The American Society for the Prevention of Cruelty to Animals is rescuing four-legged victims in Southeast Missouri’s flood zone. Kyle Held is the Midwest director of Field Investigations and Response… he’s working with the shelter in Caruthersville.
“Our rescue boat actually arrives today — I’ve been out on three rescues without a boat,” he says. “We went on two yesterday and we went out on one earlier but was not able to outswim a dog,” he laughed, “so he’s still out there, we’ll go back and check up on him once we got our boat up and running.”
He says they working to rescue animals trapped by floodwaters in Southeast Missouri’s Pemiscot County; Franklin County around Frankfort, Kentucky; Shelby County and Memphis, Tennessee, as well as animals affected by tornadoes in Arkansas’ Faulkner County and Conway.
Animal rescues in high water presents several challenges — animals are scared — and they’re being confronted by strangers, taken to a strange place.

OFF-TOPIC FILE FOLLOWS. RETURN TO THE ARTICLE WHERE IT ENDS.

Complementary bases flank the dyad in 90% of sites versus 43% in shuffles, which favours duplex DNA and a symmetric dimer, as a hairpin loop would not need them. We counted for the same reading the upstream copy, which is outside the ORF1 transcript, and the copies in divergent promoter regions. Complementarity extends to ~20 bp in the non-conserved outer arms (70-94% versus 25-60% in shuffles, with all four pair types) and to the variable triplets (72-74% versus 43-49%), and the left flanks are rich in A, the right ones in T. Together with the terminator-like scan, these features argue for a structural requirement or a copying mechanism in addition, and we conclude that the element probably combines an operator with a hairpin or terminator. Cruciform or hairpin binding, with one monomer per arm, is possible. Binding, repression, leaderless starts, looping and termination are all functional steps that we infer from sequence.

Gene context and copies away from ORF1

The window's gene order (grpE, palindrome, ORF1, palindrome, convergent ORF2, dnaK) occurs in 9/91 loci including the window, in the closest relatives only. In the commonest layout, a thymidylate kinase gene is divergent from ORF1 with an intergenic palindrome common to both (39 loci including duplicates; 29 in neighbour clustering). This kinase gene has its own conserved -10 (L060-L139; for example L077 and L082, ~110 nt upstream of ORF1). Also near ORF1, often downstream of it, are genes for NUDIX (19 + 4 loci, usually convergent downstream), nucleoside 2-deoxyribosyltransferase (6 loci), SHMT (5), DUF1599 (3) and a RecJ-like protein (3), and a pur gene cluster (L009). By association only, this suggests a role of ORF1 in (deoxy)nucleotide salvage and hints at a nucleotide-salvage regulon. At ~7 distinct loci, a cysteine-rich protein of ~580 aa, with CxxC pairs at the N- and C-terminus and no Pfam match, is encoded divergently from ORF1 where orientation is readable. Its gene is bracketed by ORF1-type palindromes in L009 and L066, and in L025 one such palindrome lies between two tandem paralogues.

The ASPCA is also providing various supplies from PetSmart Charities (bowls, crates, etc.) and medical supplies.
Meanwhile, a Conservation agent tells his story of dramatic rescues amid the rising waters in Southeast Missouri.
Eric Heuring joined Butler County fire personnel Monday to rescue trapped residents by boat, including 13 people, three dogs, and a parakeet.
Heuring is one of five agents trained and ready to assist law enforcement in the event of a natural disaster.
Heuring says in many cases, the Black River rose so quickly, people couldn’t evacuate safely in their own vehicles. They were brought to a shelter at Black River Coliseum. He says he and other agents are on call this week, ready to help save more lives if needed.